This topic was automatically generated from Slack. You can find the original thread here.

Congratulations @Zhengtian_Xu_George_Washington_University and @Linxuan_Shi! This is fantastic - so excited to see this out! :tada:

And great timing as some Community members were recently asking about any research using SafeGraph to look at visits to restaurants.

Going to resurrect this previous conversation from general-discussion a few weeks back:

Hey @Alexander_Audet_American_Enterprise_Institute - have you seen this research by @Zhengtian_Xu_George_Washington_University and @Linxuan_Shi? I remember you were interested in other publications using SafeGraph to look at foot traffic to restaurants. Be sure to look at this paper! You might get Linxuan and Zhengtian up-to-speed on what your work is currently looking.

Hey @Shooshan_Danagoulian_Wayne_State_University - not sure if your graduate student is on our Slack, but flagging this for your team. I remember you’re also looking at foot traffic to restaurants! Have you checked this publication out?

Hey @Irwin_Mier_San_Diego_State_University! Also going to loop you into this conversation since you were asking about something similar previously! Do you have any questions for Zhengtian and Linxuan?

@Zhengtian_Xu_George_Washington_University and @Linxuan_Shi - you touched on it slightly towards the end of the publication. However, in an ideal world, have you thought about an arrangement where all parties, including OFD company, restaurant owners, etc, all win? Curious to hear your thoughts now that you have a better understanding of the foot traffic and revenue that these different restaurants generate.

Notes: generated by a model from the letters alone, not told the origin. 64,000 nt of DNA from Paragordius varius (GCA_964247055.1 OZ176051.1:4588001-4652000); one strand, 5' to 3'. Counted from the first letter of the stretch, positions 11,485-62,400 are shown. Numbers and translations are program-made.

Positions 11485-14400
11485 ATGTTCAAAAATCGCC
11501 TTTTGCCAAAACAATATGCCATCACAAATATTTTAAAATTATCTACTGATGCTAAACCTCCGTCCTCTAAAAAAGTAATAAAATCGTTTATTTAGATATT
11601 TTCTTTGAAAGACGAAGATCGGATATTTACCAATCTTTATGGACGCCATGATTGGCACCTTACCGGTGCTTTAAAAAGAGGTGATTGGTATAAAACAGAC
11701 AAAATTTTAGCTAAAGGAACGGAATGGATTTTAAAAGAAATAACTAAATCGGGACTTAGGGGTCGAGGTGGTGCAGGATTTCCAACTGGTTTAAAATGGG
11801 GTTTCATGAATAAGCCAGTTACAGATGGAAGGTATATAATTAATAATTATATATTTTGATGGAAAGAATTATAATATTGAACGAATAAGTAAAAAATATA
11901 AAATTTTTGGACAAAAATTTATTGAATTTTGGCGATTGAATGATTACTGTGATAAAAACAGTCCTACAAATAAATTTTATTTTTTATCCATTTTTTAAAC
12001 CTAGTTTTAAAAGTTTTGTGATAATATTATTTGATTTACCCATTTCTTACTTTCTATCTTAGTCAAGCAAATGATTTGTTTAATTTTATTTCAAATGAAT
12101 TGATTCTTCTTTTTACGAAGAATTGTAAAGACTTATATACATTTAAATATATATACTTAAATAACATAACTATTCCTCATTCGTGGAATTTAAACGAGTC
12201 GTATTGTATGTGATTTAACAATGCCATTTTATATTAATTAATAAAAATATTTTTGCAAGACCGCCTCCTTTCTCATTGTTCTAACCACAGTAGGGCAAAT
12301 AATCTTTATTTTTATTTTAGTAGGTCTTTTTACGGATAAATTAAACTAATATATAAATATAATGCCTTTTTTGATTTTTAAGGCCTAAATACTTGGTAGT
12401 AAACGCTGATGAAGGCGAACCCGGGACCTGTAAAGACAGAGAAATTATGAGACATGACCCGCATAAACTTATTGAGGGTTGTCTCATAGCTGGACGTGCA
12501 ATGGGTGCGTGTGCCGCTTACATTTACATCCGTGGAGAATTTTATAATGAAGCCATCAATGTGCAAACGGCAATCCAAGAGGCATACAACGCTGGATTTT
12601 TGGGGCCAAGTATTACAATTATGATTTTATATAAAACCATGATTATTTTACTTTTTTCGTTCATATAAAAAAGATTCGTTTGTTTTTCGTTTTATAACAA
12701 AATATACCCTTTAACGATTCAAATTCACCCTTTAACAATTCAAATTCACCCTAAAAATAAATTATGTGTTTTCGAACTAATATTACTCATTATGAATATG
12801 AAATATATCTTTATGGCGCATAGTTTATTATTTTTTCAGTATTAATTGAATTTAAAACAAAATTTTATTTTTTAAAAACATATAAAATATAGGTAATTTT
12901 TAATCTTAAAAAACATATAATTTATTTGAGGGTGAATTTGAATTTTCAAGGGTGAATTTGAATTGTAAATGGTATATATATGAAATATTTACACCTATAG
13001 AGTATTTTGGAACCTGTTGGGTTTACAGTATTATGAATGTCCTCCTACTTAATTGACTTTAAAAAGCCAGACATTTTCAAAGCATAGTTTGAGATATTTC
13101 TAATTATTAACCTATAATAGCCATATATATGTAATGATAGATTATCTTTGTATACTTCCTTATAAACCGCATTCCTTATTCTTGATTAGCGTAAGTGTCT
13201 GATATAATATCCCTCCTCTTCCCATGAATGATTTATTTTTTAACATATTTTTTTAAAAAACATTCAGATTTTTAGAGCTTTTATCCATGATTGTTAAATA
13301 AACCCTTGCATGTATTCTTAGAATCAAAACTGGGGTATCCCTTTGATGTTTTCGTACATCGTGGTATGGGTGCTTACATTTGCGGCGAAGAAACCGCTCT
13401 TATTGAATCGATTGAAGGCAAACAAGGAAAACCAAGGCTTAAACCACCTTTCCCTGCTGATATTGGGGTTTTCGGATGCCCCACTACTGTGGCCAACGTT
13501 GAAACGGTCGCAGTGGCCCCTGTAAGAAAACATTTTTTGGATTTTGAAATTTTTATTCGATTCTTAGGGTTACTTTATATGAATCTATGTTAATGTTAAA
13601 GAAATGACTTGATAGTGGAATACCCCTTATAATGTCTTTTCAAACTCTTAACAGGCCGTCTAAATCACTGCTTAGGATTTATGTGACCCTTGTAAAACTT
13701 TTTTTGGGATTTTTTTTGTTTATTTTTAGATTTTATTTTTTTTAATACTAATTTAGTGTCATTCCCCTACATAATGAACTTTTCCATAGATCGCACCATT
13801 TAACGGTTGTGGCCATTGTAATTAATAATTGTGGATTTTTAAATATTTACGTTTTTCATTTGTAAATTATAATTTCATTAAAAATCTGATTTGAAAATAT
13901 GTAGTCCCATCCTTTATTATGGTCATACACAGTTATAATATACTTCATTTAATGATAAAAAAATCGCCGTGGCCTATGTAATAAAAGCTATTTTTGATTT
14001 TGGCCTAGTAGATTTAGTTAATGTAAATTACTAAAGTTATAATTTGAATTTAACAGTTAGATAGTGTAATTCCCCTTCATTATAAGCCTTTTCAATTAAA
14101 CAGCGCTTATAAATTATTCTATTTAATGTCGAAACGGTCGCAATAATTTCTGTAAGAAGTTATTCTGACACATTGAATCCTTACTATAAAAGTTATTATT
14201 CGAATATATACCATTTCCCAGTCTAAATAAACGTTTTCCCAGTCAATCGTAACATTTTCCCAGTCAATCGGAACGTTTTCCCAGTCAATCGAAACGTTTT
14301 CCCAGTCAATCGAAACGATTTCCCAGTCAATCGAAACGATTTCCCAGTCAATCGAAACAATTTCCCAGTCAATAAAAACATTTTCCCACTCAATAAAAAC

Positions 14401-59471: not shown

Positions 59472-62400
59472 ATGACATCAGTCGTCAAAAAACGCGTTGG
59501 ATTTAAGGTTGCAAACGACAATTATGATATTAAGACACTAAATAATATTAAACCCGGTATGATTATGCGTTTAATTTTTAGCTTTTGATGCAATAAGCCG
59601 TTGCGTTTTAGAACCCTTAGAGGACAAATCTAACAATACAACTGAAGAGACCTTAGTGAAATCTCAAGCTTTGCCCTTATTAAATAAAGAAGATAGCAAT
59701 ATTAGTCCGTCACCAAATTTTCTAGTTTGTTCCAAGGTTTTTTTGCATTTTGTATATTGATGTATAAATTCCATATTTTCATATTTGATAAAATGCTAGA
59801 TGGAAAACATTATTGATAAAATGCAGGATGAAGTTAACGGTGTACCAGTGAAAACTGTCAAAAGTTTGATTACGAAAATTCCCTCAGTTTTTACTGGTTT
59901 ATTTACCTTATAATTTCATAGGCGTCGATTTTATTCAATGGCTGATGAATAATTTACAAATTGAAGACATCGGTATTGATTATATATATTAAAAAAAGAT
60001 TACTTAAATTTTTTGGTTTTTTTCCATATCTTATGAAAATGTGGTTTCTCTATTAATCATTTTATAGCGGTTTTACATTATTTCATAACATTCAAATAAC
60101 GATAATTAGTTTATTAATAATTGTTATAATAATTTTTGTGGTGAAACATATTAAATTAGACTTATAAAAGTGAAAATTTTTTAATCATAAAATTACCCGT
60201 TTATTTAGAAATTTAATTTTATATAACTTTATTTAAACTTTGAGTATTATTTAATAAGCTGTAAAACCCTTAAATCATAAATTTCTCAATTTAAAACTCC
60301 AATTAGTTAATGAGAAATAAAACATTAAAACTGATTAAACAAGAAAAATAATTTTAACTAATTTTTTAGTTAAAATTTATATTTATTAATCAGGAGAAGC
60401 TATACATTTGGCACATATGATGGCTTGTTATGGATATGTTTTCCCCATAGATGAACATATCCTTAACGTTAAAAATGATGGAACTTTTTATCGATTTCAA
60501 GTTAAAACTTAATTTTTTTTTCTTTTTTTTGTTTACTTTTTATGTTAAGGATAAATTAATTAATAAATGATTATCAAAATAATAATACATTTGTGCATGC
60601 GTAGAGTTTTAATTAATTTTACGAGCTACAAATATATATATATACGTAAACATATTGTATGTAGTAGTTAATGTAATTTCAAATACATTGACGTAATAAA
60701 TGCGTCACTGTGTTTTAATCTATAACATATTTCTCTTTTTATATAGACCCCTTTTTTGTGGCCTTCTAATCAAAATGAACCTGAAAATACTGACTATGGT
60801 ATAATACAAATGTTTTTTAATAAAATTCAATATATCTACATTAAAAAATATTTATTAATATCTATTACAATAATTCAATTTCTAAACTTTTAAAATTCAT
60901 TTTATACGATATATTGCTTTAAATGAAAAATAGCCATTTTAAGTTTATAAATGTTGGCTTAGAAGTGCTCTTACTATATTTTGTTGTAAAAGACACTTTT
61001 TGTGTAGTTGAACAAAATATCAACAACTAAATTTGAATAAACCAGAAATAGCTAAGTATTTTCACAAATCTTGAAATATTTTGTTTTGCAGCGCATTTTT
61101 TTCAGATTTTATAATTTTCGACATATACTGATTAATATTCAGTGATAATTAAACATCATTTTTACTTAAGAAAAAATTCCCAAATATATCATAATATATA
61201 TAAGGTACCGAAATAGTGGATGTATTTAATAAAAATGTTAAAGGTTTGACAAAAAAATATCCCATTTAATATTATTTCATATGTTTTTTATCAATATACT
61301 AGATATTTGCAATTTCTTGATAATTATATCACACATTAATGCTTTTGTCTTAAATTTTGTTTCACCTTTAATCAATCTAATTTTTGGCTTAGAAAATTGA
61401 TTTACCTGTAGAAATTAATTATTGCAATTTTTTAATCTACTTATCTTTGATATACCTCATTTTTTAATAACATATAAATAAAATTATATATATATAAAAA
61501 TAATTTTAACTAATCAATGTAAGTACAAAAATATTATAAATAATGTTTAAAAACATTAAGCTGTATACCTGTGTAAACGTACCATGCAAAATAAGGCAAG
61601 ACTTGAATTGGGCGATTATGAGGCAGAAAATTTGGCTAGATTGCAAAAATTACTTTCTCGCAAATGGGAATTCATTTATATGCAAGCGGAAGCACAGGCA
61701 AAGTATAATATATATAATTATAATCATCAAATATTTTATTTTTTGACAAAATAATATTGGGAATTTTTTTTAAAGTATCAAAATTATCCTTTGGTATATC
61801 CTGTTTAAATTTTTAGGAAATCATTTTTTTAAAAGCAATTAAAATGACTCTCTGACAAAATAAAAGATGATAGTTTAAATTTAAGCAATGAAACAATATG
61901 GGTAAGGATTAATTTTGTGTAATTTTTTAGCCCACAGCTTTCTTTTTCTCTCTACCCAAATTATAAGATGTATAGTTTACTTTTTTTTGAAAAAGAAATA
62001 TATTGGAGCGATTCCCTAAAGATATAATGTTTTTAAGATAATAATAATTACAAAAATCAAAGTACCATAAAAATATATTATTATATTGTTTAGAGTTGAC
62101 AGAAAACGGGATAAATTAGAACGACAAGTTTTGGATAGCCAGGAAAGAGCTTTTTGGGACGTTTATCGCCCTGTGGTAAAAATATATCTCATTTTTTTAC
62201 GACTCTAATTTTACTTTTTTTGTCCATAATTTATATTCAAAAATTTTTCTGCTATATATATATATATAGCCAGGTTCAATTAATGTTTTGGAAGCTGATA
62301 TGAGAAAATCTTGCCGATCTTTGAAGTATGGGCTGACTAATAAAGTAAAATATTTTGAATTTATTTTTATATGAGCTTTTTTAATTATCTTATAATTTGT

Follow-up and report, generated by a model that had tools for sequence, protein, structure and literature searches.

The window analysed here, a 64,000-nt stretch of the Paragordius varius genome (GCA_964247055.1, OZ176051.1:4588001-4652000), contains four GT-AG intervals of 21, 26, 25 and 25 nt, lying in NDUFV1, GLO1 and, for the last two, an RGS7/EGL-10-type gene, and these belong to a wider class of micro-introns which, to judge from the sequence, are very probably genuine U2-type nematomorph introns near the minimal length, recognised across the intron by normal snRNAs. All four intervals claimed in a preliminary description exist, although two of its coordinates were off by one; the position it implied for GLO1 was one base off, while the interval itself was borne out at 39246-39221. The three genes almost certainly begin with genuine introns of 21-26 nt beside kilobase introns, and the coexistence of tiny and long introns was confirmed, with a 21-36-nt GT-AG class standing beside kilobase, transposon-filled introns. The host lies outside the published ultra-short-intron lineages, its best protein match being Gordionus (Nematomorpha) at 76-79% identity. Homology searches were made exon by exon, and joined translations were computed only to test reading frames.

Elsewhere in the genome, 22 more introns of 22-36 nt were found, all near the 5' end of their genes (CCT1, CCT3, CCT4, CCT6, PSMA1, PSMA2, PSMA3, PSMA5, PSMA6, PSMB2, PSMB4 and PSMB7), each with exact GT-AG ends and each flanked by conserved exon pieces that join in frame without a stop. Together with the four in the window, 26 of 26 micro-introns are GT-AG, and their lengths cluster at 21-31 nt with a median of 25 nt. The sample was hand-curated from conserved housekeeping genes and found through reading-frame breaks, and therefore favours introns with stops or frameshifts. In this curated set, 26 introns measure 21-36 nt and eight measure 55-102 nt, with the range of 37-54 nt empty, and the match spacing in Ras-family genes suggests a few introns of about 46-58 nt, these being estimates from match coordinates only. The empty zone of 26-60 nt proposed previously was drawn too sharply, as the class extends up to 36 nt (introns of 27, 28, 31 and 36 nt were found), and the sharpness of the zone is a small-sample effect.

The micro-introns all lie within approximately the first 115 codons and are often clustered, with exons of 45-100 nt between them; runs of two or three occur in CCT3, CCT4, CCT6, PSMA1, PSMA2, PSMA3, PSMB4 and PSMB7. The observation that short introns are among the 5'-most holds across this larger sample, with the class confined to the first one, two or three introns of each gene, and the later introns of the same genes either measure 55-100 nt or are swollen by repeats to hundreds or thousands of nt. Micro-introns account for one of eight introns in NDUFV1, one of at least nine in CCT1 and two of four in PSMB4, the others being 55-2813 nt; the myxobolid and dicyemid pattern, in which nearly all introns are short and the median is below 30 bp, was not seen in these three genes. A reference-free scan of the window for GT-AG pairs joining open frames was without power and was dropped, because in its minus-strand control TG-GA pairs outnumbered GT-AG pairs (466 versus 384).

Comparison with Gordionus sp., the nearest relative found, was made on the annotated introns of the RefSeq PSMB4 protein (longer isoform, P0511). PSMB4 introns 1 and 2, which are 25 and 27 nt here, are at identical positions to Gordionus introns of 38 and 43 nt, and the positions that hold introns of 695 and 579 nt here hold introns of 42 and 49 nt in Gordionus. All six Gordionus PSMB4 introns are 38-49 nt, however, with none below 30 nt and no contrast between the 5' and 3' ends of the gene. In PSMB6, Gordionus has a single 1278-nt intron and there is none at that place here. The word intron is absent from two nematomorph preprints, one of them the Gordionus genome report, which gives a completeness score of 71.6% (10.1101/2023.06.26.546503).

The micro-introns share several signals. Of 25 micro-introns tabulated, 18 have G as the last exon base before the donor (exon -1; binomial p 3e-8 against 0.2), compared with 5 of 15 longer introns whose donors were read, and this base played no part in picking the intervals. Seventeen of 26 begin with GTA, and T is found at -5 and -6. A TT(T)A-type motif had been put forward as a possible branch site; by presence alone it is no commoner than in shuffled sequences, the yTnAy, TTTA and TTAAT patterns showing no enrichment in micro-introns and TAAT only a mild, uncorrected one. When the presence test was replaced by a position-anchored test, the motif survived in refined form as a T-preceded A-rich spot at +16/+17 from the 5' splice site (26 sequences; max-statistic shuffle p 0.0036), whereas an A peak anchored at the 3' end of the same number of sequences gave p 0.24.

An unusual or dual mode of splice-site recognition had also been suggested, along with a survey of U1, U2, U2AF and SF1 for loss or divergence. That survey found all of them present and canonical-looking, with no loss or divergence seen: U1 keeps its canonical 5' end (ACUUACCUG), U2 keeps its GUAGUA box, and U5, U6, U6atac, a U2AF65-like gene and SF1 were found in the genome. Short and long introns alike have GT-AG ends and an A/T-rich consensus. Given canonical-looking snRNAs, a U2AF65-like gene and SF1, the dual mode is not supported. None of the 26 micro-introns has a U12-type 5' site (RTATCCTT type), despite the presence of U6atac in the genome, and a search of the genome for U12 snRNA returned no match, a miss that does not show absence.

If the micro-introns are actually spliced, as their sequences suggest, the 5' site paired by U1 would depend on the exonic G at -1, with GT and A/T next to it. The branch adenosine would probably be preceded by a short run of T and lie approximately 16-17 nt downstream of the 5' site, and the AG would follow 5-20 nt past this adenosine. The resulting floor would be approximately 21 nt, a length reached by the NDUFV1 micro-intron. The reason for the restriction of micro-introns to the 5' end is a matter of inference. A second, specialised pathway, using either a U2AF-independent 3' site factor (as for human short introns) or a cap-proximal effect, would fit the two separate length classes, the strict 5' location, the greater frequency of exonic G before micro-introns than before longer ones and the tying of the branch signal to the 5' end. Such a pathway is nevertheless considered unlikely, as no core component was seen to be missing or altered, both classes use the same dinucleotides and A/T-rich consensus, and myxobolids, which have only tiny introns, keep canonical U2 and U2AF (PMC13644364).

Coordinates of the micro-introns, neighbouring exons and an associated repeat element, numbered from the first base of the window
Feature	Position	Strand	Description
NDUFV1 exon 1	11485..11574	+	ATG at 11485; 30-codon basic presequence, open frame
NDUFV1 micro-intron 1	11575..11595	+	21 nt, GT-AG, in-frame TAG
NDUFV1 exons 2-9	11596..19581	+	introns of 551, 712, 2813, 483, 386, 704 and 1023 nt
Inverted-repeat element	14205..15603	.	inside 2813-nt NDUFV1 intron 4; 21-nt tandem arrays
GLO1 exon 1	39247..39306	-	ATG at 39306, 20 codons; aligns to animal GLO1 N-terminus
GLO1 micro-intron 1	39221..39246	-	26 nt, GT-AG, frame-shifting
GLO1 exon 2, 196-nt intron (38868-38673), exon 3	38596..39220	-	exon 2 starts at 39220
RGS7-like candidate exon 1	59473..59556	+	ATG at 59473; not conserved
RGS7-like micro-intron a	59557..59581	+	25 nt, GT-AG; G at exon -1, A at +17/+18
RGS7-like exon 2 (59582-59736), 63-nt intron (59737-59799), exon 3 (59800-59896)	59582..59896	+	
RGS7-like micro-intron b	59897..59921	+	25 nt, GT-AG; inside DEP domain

Thanks, @Niki_from_SafeGraph ! We have not seen this, and definitely will take a look.

@Niki_from_SafeGraph This is a really great question. The arrangement of a win-win solution will largely depend on the profit margin of restaurants joining the third-party delivery platform, which will further associate with how the demand transforms. I believe most of the existing empirical efforts cautioned that OFD services do not bring in many new sales, but significantly substitute the existing sales that would occur offline, especially in urban areas. So simply bringing the offline menu to the virtual market seems to be unsustainable (financially) for restaurants, maybe they should restructure their products to somehow differentiate between online and offline channels. But this aspect perhaps overlooked the fierce competition among restaurants. If we consider the possible migration of customers between different restaurant establishments, restaurants will forcibly enrich the online menu to match those in offline channels to not fall behind. We haven’t looked deeply into the potential policies, but it is for sure a challenging one considering the slim-profit margin restaurants currently hold.

Currently, it is restaurants that absorb most of the commissions to OFD platforms (but we read that some platforms have already started charging customers commissions or platform fees). In the future development, not only should OFD platforms lower commission rates, but OFD customers may need to “absorb” a portion of the commissions as well, i.e., there will commonly be price differentiations of the same product between online and offline channels. This is an interesting research topic to look into.